For over two hundred years, the President of the United States has taken the time once per year to deliver an address to Congress about the state of the nation. Sometimes, this was simply a written message that was read to Congress by a messenger. Other times, it has been a speech delivered personally by the President himself. Ever since the term of Franklin D. Roosevelt, this address has become widely known as the “State of the Union” address.
As a social anarchist, I’m not a big fan of Presidents and the disingenuous speeches they give. I am, however, a big fan of addressing public issues of local, regional, national, and international significance. As citizens of an allegedly free and democratic society, I feel that it’s our right — indeed, our duty — to talk about such issues and make our own decisions about them. Therefore, I’ve decided to issue my own State of the Revolution address.
A well-informed person could write an entire book on the subject. Sadly, I must admit that I’m not as well-informed as I’d like to be. Revolution is ideally a global affair, and my knowledge of international affairs is minimal, gleaned mostly from the Daily Show and internet chatrooms. My awareness of national and regional struggles is only slightly more expansive. Therefore, I will keep my thoughts relatively brief and mostly focused on the potential for revolution as I see it in my life, my community, and my region.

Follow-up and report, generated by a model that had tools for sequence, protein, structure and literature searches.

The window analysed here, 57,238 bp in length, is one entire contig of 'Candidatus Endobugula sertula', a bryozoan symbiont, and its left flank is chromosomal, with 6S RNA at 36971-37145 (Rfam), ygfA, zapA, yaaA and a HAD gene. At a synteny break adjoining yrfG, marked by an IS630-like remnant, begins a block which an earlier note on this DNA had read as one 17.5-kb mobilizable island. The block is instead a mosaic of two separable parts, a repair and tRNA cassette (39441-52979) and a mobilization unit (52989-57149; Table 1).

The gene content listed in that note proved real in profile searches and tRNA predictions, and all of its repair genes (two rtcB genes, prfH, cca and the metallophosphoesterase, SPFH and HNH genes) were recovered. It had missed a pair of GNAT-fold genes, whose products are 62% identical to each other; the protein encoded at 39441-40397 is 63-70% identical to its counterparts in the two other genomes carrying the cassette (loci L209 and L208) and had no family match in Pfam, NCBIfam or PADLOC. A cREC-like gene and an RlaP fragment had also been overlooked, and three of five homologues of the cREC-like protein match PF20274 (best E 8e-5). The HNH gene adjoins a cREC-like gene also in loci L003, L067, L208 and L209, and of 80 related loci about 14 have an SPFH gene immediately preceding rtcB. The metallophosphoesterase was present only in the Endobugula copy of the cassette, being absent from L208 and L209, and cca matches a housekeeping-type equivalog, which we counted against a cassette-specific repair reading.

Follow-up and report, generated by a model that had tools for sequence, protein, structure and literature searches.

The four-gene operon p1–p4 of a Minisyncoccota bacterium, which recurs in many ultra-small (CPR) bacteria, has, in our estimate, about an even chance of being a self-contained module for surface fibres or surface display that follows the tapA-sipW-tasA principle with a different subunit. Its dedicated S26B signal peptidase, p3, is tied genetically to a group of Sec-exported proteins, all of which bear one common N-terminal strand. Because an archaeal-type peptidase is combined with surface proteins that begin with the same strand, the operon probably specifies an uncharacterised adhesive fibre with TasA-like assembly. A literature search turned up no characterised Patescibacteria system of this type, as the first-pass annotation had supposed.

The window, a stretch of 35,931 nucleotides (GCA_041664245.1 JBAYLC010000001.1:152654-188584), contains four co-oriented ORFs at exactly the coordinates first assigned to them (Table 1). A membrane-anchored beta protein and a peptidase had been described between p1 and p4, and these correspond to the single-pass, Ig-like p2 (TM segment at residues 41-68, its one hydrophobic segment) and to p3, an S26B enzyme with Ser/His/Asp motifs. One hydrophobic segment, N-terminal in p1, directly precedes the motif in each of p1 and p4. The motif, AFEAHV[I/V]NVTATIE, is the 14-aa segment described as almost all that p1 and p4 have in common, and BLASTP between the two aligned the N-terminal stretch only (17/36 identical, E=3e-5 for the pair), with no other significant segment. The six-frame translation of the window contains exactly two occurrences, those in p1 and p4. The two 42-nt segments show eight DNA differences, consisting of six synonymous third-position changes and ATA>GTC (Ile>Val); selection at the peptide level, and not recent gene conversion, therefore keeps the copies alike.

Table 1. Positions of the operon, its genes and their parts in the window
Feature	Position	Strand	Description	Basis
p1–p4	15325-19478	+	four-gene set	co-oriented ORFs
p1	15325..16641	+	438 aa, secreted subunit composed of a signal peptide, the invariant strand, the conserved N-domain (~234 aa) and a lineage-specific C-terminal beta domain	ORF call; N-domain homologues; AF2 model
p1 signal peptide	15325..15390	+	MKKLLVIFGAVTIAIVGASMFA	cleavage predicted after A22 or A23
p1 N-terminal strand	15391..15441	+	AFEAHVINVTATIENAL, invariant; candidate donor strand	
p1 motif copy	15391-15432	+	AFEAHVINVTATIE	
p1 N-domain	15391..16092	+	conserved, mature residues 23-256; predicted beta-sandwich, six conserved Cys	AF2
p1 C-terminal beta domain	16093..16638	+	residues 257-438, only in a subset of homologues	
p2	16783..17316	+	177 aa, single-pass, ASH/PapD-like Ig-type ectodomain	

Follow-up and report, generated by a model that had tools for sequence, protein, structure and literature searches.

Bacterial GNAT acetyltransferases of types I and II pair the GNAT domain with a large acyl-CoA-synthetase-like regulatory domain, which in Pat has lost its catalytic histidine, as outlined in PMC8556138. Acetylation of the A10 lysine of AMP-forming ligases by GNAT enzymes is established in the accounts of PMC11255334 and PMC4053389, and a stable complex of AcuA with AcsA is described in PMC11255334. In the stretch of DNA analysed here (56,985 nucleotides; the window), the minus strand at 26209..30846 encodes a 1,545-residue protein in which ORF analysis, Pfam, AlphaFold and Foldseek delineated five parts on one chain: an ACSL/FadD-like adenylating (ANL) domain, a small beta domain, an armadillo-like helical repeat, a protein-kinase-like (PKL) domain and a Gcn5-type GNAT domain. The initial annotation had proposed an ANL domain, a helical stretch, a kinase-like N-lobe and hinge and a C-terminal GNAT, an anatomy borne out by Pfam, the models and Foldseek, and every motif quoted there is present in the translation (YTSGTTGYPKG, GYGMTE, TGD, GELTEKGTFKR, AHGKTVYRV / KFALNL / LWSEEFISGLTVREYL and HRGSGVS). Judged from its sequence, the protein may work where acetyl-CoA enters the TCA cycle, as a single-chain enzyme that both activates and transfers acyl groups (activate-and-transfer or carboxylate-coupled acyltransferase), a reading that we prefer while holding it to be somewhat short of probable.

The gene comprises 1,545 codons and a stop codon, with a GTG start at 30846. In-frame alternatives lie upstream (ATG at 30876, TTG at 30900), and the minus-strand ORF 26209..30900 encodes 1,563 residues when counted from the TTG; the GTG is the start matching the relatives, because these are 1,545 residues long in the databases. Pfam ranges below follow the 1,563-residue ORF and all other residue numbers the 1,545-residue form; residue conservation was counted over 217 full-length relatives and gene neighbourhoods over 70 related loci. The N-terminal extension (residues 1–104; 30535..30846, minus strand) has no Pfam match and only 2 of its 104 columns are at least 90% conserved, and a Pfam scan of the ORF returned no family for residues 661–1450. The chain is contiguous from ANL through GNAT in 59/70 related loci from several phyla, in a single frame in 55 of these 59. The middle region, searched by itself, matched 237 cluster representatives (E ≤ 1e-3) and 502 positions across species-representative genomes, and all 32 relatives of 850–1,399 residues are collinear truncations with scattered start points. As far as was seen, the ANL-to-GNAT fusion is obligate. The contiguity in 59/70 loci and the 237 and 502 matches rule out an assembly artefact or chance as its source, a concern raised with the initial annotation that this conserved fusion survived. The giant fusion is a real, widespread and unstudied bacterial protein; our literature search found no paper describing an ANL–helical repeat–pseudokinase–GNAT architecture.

First, though, a few words on the international scene.
Globalization continues with each passing day. The question is no longer whether or not humanity will start to function as a single global society, but rather what form that global society will take. Will the world be a place of freedom, independence, and relative harmony, or a place of domination, centralized authority, and perpetual violence? Both tendencies seem to be experiencing a renewed resurgence, so it’s hard to say which way the struggle will go. The fate of the world for the next several hundred years, though, will probably be largely decided by the current and next generation.
I’ve been happy to see a greater focus internationally on global climate change and other environmental crises. The US could learn a lot from the work of other nations on these issues. But then again, the transnational corporations are continuing to become more entrenched in the global economy, surpassing small nations with the vastness of their wealth. And nobody really seems to be paying enough attention to Peak Oil. Sure, there’s the surface dialog about high gas prices, especially in the US and a few other places. But who is really ready to cope with the fact that from approximately this point forward, our oil supply will start to decrease?